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The day after the last day of the funeral cere- Before the cardinals enter into conclave, should monies of a deceased Pope, the mass of the Holy any feel not adequate to the discipline about to Ghost is repeated with great solemnity, a Latin be imposed upon them, they are warned to rediscourse pronounced, and the procession of car- tire. Once in conclave, they are placed in solidinals enters the chapel, chanting Veni Creator. tary confinement, each in his own cell. Every The bulls concerning the election are read, and avenue to the palace is strictly guarded by dethe cardinal dean harangues them upon the du- tachments of soldiers, and each door carefully ties prescribed for the occasion. Each cardinal closed. The only communication from without then takes his place in the conclave, that is, re- is by means of small revolving shelves, or boxes, tires to his cell, a small room of about twelve like the "tours" of foundling hospitals, through feet square, modestly furnished by himself, with which the meals are passed, and also any official his arms over the door. These cells are all alike, communications, but only in the presence, and upon the same floor, and arranged in galleries. with the authorization of their military guardChimneys are not permitted, warmth being com |ians. Vocal intercourse is permitted only at cermunicated from the neighboring rooms. To tain high apertures in the walls, in Italian, and make the isolation complete, in winter the win-with raised voices, so that the guards can hear dows are all built up, excepting a single pane. and understand the conversation. The utmost In summer the cardinals are permitted to look precautions are taken to prevent the inmates of into the garden.

adjoining cells from communicating with each For the service of each cell there is allowed a other. If a cardinal become ill, he is permitted secretary and one gentleman, who are obliged to to go out, but he can not re-enter his cell during perform the duties of domestics. But as the the conclave. emoluments are great, consisting of a consider- Before the closing of the conclave, a final day is able sum before the conclave, and a distribution permitted to the visits and conferences of the car. of ten thousand crowns by the new Pope after dinals, in the hall arranged for that purpose. These his election, besides certain advantages for their interviews are according to prescribed rules. future career, these posts are much sought after All the expenses of the conclave are borne by by the younger ecclesiastics.

the Apostolic Chamber. Among these, the meals The conclave is allowed also the services of a are not the least. As nothing is done in Rome sacristan, two sub-sacristans, a confessor, four without a procession, the dinners of the cardinals masters of ceremonies, two physicians, an apoth- are served up in the same manner. The order ecary, three barbers, a mason, a carpenter, and is as follows: twelve valets, whose livery is violet.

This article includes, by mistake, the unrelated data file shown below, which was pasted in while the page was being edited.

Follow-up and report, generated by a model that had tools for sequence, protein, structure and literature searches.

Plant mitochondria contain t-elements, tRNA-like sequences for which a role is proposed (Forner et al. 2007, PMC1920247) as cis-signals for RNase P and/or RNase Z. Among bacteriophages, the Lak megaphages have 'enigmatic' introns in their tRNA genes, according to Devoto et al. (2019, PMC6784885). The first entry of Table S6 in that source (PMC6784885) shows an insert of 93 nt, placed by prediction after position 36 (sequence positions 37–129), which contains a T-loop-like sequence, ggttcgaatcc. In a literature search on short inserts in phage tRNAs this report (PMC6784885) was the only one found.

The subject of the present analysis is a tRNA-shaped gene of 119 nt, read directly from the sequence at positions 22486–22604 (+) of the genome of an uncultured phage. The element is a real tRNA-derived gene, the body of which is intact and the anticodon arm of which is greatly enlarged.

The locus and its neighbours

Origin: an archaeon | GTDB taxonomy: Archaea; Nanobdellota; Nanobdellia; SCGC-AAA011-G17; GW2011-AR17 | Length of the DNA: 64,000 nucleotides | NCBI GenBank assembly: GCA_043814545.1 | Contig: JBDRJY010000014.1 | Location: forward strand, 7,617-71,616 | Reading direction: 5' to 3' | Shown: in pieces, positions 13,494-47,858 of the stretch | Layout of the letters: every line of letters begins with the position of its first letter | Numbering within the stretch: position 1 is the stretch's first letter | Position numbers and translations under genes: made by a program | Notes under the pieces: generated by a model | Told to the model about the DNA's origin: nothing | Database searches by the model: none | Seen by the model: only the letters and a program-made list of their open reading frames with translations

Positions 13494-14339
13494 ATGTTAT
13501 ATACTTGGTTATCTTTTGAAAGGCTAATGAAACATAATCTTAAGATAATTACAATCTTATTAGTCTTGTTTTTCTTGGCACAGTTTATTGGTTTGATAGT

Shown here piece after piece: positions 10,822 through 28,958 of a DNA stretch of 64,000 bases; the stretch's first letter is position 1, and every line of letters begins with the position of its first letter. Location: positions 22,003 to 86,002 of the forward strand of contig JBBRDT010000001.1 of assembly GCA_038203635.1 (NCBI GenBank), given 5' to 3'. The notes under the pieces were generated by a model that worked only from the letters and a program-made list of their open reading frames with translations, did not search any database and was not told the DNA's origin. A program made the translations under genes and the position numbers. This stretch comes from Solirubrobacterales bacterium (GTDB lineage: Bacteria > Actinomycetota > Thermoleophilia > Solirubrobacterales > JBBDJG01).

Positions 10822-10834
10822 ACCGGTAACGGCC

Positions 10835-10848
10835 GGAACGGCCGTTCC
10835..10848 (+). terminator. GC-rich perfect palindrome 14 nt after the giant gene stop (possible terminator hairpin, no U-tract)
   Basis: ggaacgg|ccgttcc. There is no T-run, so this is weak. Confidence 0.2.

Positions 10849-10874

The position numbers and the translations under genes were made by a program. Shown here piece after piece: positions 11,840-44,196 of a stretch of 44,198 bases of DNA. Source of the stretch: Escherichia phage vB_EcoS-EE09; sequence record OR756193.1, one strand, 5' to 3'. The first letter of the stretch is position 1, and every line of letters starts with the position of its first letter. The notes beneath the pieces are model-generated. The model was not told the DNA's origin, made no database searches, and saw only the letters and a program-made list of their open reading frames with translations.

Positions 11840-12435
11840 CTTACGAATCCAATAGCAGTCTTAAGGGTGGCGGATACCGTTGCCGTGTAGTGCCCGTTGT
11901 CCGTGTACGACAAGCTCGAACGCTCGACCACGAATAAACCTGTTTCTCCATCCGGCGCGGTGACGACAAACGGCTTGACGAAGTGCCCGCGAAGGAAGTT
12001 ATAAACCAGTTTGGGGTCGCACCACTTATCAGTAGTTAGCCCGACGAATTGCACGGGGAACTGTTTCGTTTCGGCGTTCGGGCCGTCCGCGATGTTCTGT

| At the head, two footmen with wooden maces.

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ELECTION OF PIUS THE SIXTH. A valet with the silver.

selves on golden plates. Each bulletin containThe gentlemen in service, two by two, bare- ing the vote is carefully sealed, and stamped with headed.

some fanciful design, known only to the voter, The chief cook with a napkin on his shoulder. and prepared expressly for his vote. Great care Cup-bearers and esquires.

is also taken to disguise the handwriting so that Two footmen, carrying upon their shoulders a no external clew to the voter's choice can be dehuge dish-warmer, containing the meats, &c. tected. This act is preceded by an oath to choose

Then follow the valets, with wine and fruit in him whom they believe the most worthy, and is baskets.

accompanied by sacred chants. The officers, deUpon arriving at the palace, each cardinal is signated by lot to examine the votes, inspect them visited in turn by his procession, and the dinner with the most minute attention and precautions, deposited. But before this is done, every dish is for fear of fraud. If a cardinal has obtained twoinspected lest some letter or message should be thirds of the votes, they are verified by comparing concealed within the viands. The bottles and the names of the voters with their chosen devices. glasses are required to be transparent, and the Should two-thirds of the votes be wanting to one vases sufficiently shallow to show their depths. name, the bulletins are burned, and the voting With all these precautions, however, diplomatic commences anew. The smoke which arises from ingenuity at times contrives to convey hidden the chimney attached to the chapel at this hour, communications. The fruits often speak intelli- telegraphs to an expectant crowd without the gibly for themselves. A truffle has served to failure of the vote. baffle a rival combination, and destroy a choice Election by "adoration” is when a cardinal, in fixed upon for the succeeding day. This species giving his vote, goes toward his candidate, proof culinary diplomacy was due, as might be ex- claiming him the Head of the Church; and is pected, to an embassador of France.

followed by two-thirds of the cardinals imitating There are four modes of electing the Pope: the his example. The compromise" is when the un" adoration,” the "compromise,” the "scrutin," certain suffrages are given to certain members of and the “accessit."

the conclave from which to elect a Pope. The The votes are deposited by the cardinals, ac- "scrutin" is the secret ballot. The “ accessit” cording to certain prescribed rules, in a chalice is the last resource for a choice, but as it is selplaced upon an altar, either in the Sistine Chapel dom resorted to, and I do not clearly comprehend or one of the same dimensions at the Quirinal. the process myself, I can not give it to my readThey are summoned twice a day, at six in the ers. During the examination of the votes by morning and at the same hour of the evening, to secret ballot, the cardinals say masses upon the deposit their votes. These are carried by them- six altars of the chapel.